#### 2. Methodology

Stochastic processes exhibiting cross frequency coupling are introduced. The ability for these processes to model observed cross frequency coupling in neural recordings is investigated and mathematical properties of the new models are given. Investigations are conducted through the use of mathematical analysis and simulation.

##### 2.1. Model Specification

The stochastic, or random, processes introduced in this work model CFC phenomena in the following way. For each recorded measurement a random variable is introduced; the measurement is modeled as a realization of this random variable. The collection of random variables comprises a discrete-time random process. The observed time-series is modeled as the corresponding collection of realizations of each of the random variables in the random, or stochastic, process. This is the standard setup in classical time-series analysis [13] and it includes the independent and identically distributed (IID) random sample as a special case.

Each of the random processes is characterized by all of the possible moments between the random variables; in this work consideration will be restricted to random processes whose joint distributions are Gaussian. In this situation, specification of the first two joint moments completely specifies the model.

Without restriction upon the time dependence of pair-wise correlation, the number of unique pair-wise correlations increases quadratically with every new observation (in a single trial). This is a more challenging regime to perform inference than is typically considered, as in this case the number of unknowns is growing rapidly with increasing observation length. Contemporary work deals with this issue by recording many trials, or by using models with other restrictions.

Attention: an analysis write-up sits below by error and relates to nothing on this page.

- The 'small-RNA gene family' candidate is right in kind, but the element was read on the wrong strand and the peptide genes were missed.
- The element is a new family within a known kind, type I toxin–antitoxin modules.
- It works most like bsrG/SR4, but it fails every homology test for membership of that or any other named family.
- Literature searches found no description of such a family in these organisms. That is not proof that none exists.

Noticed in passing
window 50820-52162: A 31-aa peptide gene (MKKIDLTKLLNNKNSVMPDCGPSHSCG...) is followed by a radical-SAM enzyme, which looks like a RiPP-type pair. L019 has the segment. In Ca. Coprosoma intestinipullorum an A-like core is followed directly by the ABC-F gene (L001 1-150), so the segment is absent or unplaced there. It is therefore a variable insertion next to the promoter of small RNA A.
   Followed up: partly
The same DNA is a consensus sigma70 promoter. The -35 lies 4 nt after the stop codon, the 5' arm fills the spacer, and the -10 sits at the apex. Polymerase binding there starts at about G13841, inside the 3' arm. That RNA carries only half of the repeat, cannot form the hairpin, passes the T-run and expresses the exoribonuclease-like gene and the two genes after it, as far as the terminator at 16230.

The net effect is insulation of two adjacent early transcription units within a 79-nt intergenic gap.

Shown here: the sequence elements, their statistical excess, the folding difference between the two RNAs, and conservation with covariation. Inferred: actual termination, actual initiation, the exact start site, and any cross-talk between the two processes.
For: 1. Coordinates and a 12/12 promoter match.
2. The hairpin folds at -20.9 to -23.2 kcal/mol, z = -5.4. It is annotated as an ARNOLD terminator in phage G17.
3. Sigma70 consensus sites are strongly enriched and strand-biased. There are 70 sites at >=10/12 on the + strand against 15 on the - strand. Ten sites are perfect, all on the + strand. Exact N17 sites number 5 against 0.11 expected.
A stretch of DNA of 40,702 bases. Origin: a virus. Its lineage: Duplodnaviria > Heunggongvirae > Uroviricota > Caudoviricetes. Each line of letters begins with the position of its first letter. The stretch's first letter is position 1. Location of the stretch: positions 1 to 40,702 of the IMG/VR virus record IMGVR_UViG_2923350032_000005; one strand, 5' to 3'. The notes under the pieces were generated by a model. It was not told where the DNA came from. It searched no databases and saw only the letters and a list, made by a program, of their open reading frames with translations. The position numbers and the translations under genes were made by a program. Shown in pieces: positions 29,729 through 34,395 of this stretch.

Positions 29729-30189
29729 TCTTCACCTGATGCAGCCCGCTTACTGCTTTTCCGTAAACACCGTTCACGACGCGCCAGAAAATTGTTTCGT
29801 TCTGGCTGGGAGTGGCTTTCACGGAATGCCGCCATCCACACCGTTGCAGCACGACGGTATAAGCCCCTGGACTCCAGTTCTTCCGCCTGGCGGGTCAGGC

Here, as is often customary, the introduced models are weak-sense stationary (WSS) random processes [13–15]. The weak-sense stationary property implies that the correlation between any pair of random variables in the process does not depend upon absolute time, but, rather, only upon the difference in the times associated with the pair. It also implies that the mean of each of the random variables in the process is equal; thus the process mean is also independent of time. Gaussian weak-sense stationary random processes are amongst the simplest of time-series models and the number of pair-wise correlations for these processes is of the same order as the number of measurements.

In this work, the random processes exhibiting CFC are constructed from component WSS processes modeling -rhythm, -rhythm, background activity, and sensor noise. The mean of these processes is taken to be zero, consistent with randomly observed neural phenomena (nonevoked). Based upon observed spectra, the autocorrelation of the , , and noise components is specified in the Fourier domain. Based upon the discrete-time analog of the Wiener-Khintchine theorem, the autocorrelation of each of these component processes is obtained by inverse discrete-time Fourier transforming the specified spectra [13].

###### 2.1.1. The Component Processes